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United looking like United of old

Laugh it off
Despite an unstable start to the season, Rooney and Moyes now have reason to smile.
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Leander Schaerlaeckens

Leander Schaerlaeckens has written about soccer for The New York Times, The Guardian, ESPN The Magazine and World Soccer. Follow him on Twitter.

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It’s been almost two months since Manchester United last lost a game. And if the din of alarm bells going off is still ringing in your ears from that wretched 2-3-1 (W-L-T) start to the Premier League season, it ought to abate any time now.

Sure, things aren’t perfect. Before the Red Devils take on Bayer Leverkusen in Champions League action on Wednesday (live, FOX Sports 1, 2 p.m. ET) United blew a late lead to newly promoted Cardiff City on Sunday and settled for the draw. And of the four league games won out of five before then -- wedged around a tie with Southampton -- three came against lowly Sunderland, Stoke City and Fulham. Sixth place, meanwhile, is hardly prime Premier League real estate for a club of this magnitude when it’s almost December and the time for excuses has long since run out. And the team suffered a rocky ride just to get to this game.

The good news is that the crisis of sorts that followed on almost immediately from David Moyes succeeding Sir Alex Ferguson and his 27-year reign this summer, is over. Three losses in four back in September -- two of them, horror of horrors, coming against Liverpool and Manchester City -- seemed to spell disaster for the Moyes era.

But United stayed the course. It’s what they’ve done for nearly three decades. It’s what’s served them well. And it’s probably what Ferguson, who still looms in the background as a director, likely told them to do.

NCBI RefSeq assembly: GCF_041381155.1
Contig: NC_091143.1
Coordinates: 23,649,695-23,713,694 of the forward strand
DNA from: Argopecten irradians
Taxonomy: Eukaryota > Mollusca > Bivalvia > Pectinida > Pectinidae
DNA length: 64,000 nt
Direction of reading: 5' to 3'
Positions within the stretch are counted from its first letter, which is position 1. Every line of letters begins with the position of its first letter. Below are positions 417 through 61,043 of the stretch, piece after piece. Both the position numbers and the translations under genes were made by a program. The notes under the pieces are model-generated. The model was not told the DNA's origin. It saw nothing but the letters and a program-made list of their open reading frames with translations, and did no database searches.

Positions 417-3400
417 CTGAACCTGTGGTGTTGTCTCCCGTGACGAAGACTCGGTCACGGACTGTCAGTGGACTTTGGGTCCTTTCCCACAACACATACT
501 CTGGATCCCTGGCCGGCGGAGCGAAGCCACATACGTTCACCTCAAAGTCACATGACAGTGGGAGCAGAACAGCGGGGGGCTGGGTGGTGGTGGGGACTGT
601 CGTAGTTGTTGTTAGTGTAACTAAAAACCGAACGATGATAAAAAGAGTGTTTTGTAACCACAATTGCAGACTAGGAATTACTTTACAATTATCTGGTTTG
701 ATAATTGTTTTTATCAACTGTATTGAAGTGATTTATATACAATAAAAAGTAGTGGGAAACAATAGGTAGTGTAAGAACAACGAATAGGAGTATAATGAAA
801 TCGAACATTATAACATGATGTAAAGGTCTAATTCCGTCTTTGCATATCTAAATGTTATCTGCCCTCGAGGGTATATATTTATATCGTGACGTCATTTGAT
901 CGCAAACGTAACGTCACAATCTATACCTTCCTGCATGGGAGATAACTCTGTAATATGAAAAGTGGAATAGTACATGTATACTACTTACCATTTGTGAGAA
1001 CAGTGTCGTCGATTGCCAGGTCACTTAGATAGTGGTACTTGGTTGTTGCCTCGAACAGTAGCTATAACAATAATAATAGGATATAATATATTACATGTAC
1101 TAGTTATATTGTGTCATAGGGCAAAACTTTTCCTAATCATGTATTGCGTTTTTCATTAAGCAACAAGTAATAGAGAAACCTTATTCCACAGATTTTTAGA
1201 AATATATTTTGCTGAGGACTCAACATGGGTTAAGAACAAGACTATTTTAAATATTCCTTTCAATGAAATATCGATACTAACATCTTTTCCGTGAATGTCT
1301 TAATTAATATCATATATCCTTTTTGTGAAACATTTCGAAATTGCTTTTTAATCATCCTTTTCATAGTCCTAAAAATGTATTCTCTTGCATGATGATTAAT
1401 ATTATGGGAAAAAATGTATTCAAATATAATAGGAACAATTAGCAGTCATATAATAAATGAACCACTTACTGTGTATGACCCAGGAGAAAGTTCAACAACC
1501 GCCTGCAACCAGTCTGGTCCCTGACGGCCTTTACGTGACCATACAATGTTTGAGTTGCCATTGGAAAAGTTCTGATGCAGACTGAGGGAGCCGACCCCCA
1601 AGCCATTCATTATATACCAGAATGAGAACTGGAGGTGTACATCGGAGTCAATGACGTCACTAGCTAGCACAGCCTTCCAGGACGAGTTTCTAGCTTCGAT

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A few years ago, when asked what the key behind the longevity of United’s success was, Ferguson told me it existed by the grace of continuity. This is a tricky thing to achieve in a hair-trigger business, where three games can end a job or even a career. But if you turn the trick, it becomes a self-fulfilling prophecy. Ferguson, he explained, was able to cope with difficulties because he and his staff had coped with them before. Just about anything that came at them, they’d faced down at least once already.

Moyes was selected for the job for his eerie resemblance to Ferguson; not merely the working class Glasgow origins and the demanding and disciplinarian personality, but the track record of long-term success, consistency and prosperity at an unfancied club. And like Ferguson, he persevered with his methods in a time of adversity.

And so United figured things out. While many of Ferguson’s problems persist -- they’re thin in central midfield and old in the back -- they are 6-0-4 since the start of October, and if the playing product hasn’t looked terribly pretty -- especially in the 1-0 win over Arsenal -- Wayne Rooney is rejuvenated and the all-important calm, both on and off the field, has returned.

At 21 points from a dozen games, the Red Devils now sit just three points below Liverpool and Chelsea, who share second place. Wednesday, meanwhile, offers United the chance to make some headway in their European campaign. An away win over Bayer Leverkusen will ensure a place in the round of 16 with one group stage game to spare.

They’ll have to make do without striker, talisman and frequent savior Robin van Persie, who will miss his second game in a row with a groin injury. And they’ll have to overcome that harrowing experience on their way over, when their landing was cut short just 400-some yards off the ground of the Cologne airport when another aircraft was found to be on the runway. An unfortunate incident to happen to United of all clubs, the very one that saw eight players and 15 others perish when their plane crashed in Munich back in 1958 -- the infamous Munich Air Disaster.

Nevertheless, soccer will be played. And Leverkusen is an arduous opponent. With a 10-2-1 record, they sit second in the German Bundesliga, only four points behind undefeated Bayern Munich, and ahead of European runners-up Borussia Dortmund. They are a hardy bunch, built around domestic talent like Stefan Kiessling, Lars Bender and Sidney Sam.

Overcome the Germans, however -- or, alternatively, beat Shakhtar Donetsk at home on Dec. 11 -- and United’s campaign is very much on track. Their European chances will be as strong as anybody’s, mathematically anyway, and their entire attention can be devoted to the league, where everything remains to be played for, until the middle of February when the Champions League knockout rounds begin.

All they have to do, as ever, is stay the course.

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